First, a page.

Adventure Cruising


Adventure Cruising
by Jimmy Havok

Last Monday, I took little Intrepid B, my D4, out to a small rock about two miles offshore, commonly referred to as Birdshit Island. I estimate the distance from my launch point at about 3.5 miles. Winds were 10-15 out of the north, with light chop and a fairly regular 2-ft swell.

Going out was fairly easy, as I have the sail rigging worked out pretty well, though my dropcloth sail is beginning to be a bit worse for the wear, and the clew is getting a bit ragged. It was a run down the inside of the reef until I cleared its north end, then a long starboard tack until I got close to the rock. For the longest time, the rock didn't seem like it was getting any closer, and I got the eerie feeling it was slinking out into deeper water to lure me on.

The adventure begins

The rock is a bit close to a military restricted zone, and the Marines launched a patrol boat as I started to get closer to their territory, so rather than following my original plan of staying on the starboard tack until I got room to make a single tack back to the rock, I came about and worked my way up to the island in a couple of shorter tacks. Even then, until I was almost on it, it seemed almost as far away as it did from the beach, but suddenly, I could see and hear the waves breaking around it. A large flock of terns patrolled the water around it, and circled my mast as I came into their territory.

Intrepid B's limited hull speed and upwind performance became frustrating as I approached the rock, she seemed to go slower and slower the closer we got. I began thinking of just turning around and heading back when I was within a hundred yards, but my natural obstinance made me resolve to go all the way around before turning back.

Feeling just a little overwhelmed

The swell seemed to grow as I passed outside the rock, and the water took on a darker, chillier color. I came round onto the port tack and headed around the back of the rock. The offshore side of the rock was rougher than the inshore side, and as the swells rose and fell against it, I could see how a long shelf extended out. Every swell seemed to push me closer to that shelf, and Intrepid B seemed to be losing more leeway than I had noticed before. By the time half a dozen swells had passed, I was back on the starboard tack, putting a good piece of comfort room between me and that jagged shelf, even if it meant I was going away from the launch ramp.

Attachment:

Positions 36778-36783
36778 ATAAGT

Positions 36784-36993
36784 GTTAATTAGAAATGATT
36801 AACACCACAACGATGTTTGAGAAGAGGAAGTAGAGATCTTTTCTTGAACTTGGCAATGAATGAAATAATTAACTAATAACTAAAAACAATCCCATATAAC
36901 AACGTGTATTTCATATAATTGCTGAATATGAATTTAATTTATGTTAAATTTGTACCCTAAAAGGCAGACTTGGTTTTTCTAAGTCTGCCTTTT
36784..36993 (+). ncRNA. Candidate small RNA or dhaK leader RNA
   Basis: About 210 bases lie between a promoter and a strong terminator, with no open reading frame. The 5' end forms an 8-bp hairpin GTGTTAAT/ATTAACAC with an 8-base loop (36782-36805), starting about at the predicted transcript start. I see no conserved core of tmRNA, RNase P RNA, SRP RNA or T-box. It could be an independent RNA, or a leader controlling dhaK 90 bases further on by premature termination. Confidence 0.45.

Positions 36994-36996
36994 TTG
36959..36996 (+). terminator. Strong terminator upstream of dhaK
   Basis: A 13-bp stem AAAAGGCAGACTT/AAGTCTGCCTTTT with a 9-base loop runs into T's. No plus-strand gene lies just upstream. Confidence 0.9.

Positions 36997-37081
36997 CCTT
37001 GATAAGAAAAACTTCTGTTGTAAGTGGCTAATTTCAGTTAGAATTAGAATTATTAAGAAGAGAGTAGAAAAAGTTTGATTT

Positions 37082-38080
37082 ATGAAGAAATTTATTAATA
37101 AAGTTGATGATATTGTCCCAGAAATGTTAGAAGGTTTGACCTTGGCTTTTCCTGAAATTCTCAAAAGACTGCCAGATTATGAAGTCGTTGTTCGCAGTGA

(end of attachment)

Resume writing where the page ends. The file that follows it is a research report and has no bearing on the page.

Going out had been a simple matter of finding my heading and going. Coming back was not so simple. I aimed myself at the ridge above the launch ramp, with the idea I would take the shortest course, and deal with the reef when I came up on it. But I was at a 45 degree angle to the swell, and Intrepid B showed a nerve-wracking tendency to bury her bow on the larger sets. A Marine patrol helicopter came by to have a look at me, and decided that despite my insanity I was probably OK. Fortunately, they weren't there when the worst wave caught me, slewing Intrepid B around, tumbling me on my rear, and making me lose my grip on the sheet, or they would have dragged me out of the water bodily and left Intrepid B to take care of herself.

After fighting the waves for a while and taking a few gulps of water over the rail, I gave up and decided to run straight for the beach until I was inside the reef. That put both the wind and the swells directly on my stern, but made fighting them easier. I let the boat head up into the wind for a few minutes and pumped out the accumulated water, and that made her ride a bit better too.

Once again, Intrepid B's limited speed was frustrating. The beach never seemed to get closer, and when I looked over my shoulder, the rock looked like it was in swimming distance. If I could have realxed and enjoyed the ride, it wouldn't have been so bad, but I had to stay sharp on the tiller the whole time, fighting the swells.

Eventually, I came over the reef, and as the water paled to aquamarine, the swells moderated to a light chop, and I came around onto a beam reach, aimed straight at the launch ramp. This was more like it! I finally felt comfortable enough to crack open the water bottle and take a big swig.

Jimmy Havok